Mango Season 2008: The First Wave

The lead photo is entered in this month’s CLICK event hosted by Bee & Jai at Jugalbandi, where the theme for April is Au Naturel.

Like the surf that gained Hawaii its fame, mango season rolls in wave sets — spread throughout the year as different varieties and locales around the Islands blossom, fruit, and ripen. Although many trees here are still in full bud,we found these red beauties a couple of weeks ago, beckoning at us from a lone stand at the farmers’ market in our town. Sometimes even the most gorgeous, perfumed mangos can be stringy on the inside, making them difficult to cut or present in any fashion. These, however, were perfect — firm, fully-ripe flesh that cut cleanly and easily from the pit. This is a Hayden variety, and was an epitome of its specimen. Not only sweet, but redolent of mango juciness and flavor. I ate this first one as soon as the photo op was over. Hmmm, maybe T would be expecting some, too. Better not cut the second one until he was in the vicinity or it would be proverbial toast, too.

After living here for 3 short years, I’m only just beginning to develop the self-discipline to even consider doing anything with a mango except just eat it. Why cover up that succulent flavor with spices, or herbs, or anything!? In the last few months, beginning with the Double Mango Bread that was conceived for my first foray in the world of blog events, I’ve experimented with fresh mangoes with meat dishes, oatmeal, salsas, etc., but to be honest, I’d rather enjoy the mango au naturel — naked, if you will.

But last weekend I did venture to make a stuffed french toast with fresh mangoes. It was deemed a worthy use of this most noble fruit. I love egg-y french toast, or pain perdu (if we’re being picky about it). I prefer to leave the bread to soak overnight in a copious egg-mik sop, heavy with vanilla and a bit of cinnamon. But with the mangoes, I wanted something lighter, something less bread-pudding-ish, that would showcase the fruit itself.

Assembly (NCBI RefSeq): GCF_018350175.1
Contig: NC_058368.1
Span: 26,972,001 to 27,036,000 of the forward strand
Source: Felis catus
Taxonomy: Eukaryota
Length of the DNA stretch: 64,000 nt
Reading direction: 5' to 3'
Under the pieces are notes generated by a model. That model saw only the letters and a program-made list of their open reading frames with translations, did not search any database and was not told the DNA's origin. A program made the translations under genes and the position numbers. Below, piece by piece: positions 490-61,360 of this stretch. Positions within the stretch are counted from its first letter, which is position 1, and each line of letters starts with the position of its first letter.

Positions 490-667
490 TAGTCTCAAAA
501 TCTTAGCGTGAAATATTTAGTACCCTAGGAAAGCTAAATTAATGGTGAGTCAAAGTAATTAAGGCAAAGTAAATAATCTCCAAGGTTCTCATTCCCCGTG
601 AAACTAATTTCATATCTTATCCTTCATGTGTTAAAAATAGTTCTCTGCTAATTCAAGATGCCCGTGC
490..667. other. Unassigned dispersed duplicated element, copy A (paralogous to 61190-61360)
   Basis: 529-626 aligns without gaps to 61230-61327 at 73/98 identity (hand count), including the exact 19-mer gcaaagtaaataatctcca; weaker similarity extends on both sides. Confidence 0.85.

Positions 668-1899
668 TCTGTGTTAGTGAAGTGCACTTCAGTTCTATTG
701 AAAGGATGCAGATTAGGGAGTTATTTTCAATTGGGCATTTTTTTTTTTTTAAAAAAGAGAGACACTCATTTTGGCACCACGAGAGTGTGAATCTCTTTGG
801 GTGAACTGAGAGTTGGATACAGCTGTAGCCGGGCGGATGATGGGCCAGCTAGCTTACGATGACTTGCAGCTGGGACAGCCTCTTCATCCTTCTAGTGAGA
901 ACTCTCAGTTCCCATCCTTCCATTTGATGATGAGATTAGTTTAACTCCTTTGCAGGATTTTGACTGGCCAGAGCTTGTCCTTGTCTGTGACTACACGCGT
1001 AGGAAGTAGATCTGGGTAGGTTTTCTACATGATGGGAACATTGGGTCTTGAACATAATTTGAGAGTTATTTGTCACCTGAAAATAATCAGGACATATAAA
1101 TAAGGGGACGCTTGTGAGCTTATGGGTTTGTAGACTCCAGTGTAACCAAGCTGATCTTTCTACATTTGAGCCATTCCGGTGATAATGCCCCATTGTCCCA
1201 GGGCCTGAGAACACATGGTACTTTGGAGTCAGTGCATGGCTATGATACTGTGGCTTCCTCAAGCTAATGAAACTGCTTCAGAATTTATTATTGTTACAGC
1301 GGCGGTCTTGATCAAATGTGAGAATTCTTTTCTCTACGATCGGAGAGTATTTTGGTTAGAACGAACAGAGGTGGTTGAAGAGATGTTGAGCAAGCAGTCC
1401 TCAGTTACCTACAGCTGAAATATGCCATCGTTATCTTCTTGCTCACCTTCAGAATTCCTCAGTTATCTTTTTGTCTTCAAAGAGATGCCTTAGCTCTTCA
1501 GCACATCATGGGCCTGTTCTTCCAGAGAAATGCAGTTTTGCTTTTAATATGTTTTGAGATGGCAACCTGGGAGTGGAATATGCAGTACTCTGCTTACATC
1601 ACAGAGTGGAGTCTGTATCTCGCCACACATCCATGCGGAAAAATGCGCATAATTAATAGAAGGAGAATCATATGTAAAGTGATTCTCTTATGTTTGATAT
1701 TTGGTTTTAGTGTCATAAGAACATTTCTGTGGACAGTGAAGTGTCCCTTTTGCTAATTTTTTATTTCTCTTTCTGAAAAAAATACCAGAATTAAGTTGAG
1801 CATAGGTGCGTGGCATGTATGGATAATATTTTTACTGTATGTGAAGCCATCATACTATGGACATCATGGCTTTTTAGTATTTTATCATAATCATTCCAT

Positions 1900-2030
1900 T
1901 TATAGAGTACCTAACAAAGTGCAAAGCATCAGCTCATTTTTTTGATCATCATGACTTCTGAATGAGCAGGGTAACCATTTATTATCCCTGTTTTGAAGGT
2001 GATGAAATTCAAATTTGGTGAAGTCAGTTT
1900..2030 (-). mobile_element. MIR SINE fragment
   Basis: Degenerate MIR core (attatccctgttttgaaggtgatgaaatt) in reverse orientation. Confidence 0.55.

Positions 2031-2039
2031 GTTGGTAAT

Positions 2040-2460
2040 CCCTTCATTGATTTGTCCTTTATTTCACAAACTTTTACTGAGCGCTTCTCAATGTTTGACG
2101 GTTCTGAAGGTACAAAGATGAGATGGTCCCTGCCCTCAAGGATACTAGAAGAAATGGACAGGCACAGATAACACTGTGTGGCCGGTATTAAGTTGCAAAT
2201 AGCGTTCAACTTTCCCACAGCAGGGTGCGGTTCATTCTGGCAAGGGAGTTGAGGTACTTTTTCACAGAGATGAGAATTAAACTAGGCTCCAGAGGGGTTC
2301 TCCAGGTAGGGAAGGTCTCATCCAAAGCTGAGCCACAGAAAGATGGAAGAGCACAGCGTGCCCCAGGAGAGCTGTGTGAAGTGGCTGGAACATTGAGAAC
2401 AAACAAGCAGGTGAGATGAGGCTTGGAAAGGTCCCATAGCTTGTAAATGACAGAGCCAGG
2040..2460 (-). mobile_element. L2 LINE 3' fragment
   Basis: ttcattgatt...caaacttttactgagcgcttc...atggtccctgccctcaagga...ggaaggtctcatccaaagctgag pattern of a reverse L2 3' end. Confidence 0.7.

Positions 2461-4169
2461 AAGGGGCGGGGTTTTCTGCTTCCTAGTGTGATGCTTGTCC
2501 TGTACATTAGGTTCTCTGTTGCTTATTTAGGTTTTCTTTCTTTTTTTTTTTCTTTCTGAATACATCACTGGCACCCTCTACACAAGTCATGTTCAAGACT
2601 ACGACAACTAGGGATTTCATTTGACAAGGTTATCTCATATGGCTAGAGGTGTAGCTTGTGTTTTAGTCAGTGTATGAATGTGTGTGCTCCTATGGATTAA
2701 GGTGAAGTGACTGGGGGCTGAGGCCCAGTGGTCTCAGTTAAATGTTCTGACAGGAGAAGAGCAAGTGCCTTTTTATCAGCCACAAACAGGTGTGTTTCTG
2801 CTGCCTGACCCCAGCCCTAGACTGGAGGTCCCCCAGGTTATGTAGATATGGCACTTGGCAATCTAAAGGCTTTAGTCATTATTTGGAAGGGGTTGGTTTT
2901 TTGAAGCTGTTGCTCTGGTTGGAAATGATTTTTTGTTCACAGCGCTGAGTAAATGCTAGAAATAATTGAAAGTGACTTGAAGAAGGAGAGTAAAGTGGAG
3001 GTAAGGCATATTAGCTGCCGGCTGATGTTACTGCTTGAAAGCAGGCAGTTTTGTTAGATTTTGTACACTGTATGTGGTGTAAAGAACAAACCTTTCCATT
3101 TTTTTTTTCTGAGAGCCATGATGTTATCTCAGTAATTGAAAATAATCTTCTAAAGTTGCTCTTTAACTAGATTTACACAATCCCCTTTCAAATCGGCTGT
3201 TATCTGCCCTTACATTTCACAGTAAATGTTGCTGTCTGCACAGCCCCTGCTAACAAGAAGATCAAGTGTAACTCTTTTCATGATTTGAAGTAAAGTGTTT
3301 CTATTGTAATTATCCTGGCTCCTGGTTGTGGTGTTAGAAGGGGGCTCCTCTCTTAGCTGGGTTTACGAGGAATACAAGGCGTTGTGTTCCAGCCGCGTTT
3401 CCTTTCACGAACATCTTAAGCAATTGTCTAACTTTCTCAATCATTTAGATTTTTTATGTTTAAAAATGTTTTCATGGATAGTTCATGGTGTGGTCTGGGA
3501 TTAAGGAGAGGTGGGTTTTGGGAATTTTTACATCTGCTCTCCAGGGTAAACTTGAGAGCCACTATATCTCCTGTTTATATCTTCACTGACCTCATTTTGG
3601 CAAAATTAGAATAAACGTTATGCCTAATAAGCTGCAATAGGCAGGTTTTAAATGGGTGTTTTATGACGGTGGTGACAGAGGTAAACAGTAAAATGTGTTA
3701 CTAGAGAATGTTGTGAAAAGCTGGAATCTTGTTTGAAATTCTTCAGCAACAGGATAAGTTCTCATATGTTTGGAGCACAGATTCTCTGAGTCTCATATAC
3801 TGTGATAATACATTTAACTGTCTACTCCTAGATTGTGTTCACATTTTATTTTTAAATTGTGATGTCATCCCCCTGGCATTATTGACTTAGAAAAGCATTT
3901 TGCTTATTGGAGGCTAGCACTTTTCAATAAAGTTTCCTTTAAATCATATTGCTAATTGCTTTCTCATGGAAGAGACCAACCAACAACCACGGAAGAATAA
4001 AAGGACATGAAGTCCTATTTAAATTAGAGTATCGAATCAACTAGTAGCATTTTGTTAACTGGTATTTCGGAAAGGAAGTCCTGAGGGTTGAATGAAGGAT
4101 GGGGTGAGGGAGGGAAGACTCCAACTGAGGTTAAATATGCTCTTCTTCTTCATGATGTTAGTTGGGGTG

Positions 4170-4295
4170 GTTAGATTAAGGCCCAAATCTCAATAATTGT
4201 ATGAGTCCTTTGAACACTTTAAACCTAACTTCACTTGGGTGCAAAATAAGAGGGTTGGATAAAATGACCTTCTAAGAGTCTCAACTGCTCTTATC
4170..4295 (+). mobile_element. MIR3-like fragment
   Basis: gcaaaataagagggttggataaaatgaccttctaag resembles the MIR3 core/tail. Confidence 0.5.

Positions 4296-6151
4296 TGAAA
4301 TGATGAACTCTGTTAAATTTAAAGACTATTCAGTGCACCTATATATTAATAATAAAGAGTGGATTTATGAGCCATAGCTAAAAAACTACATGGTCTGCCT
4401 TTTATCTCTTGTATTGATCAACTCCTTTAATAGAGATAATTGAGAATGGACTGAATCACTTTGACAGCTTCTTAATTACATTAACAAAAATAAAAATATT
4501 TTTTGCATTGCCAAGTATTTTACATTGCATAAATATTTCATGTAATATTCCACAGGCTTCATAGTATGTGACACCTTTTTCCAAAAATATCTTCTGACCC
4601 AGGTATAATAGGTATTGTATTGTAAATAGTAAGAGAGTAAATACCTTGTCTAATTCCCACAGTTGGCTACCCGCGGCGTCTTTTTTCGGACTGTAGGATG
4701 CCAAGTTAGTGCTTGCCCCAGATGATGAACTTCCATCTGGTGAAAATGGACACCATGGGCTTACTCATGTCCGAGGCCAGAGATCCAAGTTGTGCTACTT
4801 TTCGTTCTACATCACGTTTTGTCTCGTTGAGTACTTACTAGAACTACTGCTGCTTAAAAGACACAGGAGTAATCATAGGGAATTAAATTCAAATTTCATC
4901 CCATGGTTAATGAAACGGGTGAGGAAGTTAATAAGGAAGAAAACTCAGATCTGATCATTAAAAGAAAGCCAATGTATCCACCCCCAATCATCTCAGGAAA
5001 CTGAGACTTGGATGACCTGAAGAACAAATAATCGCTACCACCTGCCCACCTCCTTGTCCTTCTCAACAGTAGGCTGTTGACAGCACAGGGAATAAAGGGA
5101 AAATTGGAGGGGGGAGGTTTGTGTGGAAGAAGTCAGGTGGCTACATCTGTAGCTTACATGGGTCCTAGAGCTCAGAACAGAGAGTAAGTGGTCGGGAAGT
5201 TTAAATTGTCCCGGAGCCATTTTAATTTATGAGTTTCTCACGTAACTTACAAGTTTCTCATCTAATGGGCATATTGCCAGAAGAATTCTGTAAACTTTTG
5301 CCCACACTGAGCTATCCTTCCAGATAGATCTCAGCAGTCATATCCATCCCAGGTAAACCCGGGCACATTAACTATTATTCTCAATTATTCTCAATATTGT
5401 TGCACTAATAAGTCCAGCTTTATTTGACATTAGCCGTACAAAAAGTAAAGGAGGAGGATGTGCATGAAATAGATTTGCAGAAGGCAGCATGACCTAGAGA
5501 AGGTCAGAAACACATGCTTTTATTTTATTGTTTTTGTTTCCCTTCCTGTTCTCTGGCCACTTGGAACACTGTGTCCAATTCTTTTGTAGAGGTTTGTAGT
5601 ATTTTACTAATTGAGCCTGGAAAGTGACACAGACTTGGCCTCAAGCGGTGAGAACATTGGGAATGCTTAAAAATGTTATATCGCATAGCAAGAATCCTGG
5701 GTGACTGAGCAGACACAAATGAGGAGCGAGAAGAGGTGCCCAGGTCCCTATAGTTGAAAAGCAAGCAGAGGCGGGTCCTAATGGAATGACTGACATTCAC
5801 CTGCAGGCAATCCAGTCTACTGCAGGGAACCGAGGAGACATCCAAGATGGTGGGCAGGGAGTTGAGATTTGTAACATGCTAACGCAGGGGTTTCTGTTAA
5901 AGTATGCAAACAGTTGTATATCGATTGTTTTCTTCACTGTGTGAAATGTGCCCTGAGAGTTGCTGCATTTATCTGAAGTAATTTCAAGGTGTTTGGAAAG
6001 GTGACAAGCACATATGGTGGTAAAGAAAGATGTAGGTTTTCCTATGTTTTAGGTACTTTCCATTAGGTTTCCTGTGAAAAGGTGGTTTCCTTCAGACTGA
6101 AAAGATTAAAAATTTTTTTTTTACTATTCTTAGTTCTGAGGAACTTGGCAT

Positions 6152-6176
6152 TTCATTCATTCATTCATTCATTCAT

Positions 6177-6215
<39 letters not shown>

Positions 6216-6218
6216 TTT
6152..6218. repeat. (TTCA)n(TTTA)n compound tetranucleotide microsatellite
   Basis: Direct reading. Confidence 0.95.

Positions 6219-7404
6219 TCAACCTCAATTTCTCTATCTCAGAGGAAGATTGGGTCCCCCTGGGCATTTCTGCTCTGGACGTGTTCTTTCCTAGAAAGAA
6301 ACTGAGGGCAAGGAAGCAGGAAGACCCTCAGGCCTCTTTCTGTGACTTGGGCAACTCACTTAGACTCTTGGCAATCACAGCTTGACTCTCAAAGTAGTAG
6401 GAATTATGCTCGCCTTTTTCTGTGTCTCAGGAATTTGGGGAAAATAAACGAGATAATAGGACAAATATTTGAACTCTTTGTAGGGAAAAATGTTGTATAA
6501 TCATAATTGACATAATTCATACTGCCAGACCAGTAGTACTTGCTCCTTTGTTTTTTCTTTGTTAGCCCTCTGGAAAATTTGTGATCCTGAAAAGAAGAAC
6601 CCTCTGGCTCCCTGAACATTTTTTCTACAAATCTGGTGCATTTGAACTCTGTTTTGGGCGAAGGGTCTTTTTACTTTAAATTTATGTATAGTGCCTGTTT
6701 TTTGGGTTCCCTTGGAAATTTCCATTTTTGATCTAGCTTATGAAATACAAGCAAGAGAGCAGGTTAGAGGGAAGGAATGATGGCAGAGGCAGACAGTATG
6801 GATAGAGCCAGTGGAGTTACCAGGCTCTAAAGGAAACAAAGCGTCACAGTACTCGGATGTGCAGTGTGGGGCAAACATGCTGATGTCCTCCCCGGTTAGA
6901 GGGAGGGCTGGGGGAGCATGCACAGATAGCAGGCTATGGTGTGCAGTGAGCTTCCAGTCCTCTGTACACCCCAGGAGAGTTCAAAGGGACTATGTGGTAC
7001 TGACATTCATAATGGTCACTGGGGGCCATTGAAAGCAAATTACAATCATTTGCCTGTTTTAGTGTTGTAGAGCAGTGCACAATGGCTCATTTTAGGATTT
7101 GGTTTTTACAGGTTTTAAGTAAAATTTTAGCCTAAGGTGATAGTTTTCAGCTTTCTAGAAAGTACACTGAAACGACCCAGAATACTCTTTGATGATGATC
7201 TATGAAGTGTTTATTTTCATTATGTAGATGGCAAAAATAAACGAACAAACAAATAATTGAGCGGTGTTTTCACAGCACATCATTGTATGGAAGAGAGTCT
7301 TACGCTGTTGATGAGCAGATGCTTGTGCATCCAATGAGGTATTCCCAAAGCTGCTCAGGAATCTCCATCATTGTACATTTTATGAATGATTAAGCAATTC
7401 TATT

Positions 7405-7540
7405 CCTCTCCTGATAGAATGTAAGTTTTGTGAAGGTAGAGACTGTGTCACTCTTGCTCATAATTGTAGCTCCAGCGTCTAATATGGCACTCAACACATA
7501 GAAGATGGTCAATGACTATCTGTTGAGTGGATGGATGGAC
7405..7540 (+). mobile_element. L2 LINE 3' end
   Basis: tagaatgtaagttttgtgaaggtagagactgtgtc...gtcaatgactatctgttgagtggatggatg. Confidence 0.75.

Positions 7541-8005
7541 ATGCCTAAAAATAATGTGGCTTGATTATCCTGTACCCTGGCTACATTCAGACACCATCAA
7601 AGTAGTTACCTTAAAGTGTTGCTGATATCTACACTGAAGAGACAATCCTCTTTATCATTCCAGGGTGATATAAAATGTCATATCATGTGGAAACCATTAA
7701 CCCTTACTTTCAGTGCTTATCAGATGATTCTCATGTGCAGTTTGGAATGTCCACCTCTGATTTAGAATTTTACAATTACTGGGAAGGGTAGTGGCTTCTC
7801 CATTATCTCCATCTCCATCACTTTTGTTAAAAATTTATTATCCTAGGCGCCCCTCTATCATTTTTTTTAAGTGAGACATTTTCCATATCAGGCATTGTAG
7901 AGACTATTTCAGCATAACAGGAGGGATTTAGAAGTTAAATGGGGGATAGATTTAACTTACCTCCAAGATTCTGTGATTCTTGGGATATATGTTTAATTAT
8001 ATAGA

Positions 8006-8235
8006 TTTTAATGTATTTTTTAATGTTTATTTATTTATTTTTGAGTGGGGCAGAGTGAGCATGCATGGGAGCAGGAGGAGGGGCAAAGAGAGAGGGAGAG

The trick to this preparation is to leave the interior of the bread slices dry so the result is a creamy yet light toast that allows the fresh fruit to star. A crumb topping provides a contrasting crunch. We loved this lighter french toast — it tasted sinful without leaving us feeling weighed down afterwards. Make this with any seasonal fruit. I don’t really like cinnamon with mango, so I didn’t use it or any other flavoring except a kiss of vanilla. With other fruits, though, I would think of complementary flavor combinations: almond extract and nuts with peaches, cherries and other stone fruits; stronger vanilla or even banana with strawberries; cinnamon and cloves with apples or bananas; lemon with blueberries; etc.

This recipe is made with whole grain wheat bread because we are trying to eat more healthily (and that’s what we had on hand that morning). (Made with whole wheat, this is something I would serve my dad on his gout-maintenance diet, so it will go into the GDC.) No question you could substitute an egg bread, such as Hawaiian sweet or challah, for a truly decadent feast.

This recipe goes out to Mansi, the genial host at Fun and Food for her “Balanced Breakfast” theme for the 20th ed. of Weekend Breakfast Blogging. Have a wonderful weekend!

(for 2 persons, double or triple recipe as needed)

Fruit from 1-3 fully ripe mango (if using a meaty Hayden, you may only need one if you can refrain from sneaking too many nibbles as you prepare the fruit; from the smaller Champagne (Ataulfo) or Pirie varieties, you may need as many as 3)

You can mash or dice the mango, especially if it shows any signs of being stringy. I left it in slices because this particular mango cut like butter anyway, and we like the texture of the fruit this way.

Pre-heat oven to 400F (200C). A countertop or large toaster oven is perfect for a 2-person serving.

2 large or 3 medium eggs
1/2 cup (120ml) almond milk (or soy or low-fat milk)
1/2 tsp. vanilla extract
1 tsp. raw sugar
4 slices of whole wheat bread

Beat together eggs, milk, vanilla and sugar. Dip each side of bread in this mixture, then leave bread to soak up remaining milk while you prepare the topping.

1 slice of bread
1/4 cup (40g) macadamia nuts, chopped
2 TBL. raw sugar

Process bread, nuts and sugar in small bowl of food processor or blender.

To assemble:
2 TBL. (30g) unsalted butter, melted
2 tsp. raw sugar, or to taste

Butter a small baking dish. Lay 2 slices of soaked bread on the bottom. Top with mango slices (dice, or puree). Sprinkle fruit with 1 tsp. of raw sugar. Top with second slice of bread. Liberally sprinkle bread-nut topping, then drizzle with melted butter.

Bake in pre-heated oven for 5 minutes, then turn oven down to 325F (for another 25 minutes). If top starts to brown to quickly, cover with foil to protect crust.

Serve while hot, with whipped cream or creme fraiche.

See also Double Mango Bread (yeast bread)
and Double Mango Wholewheat Quickbread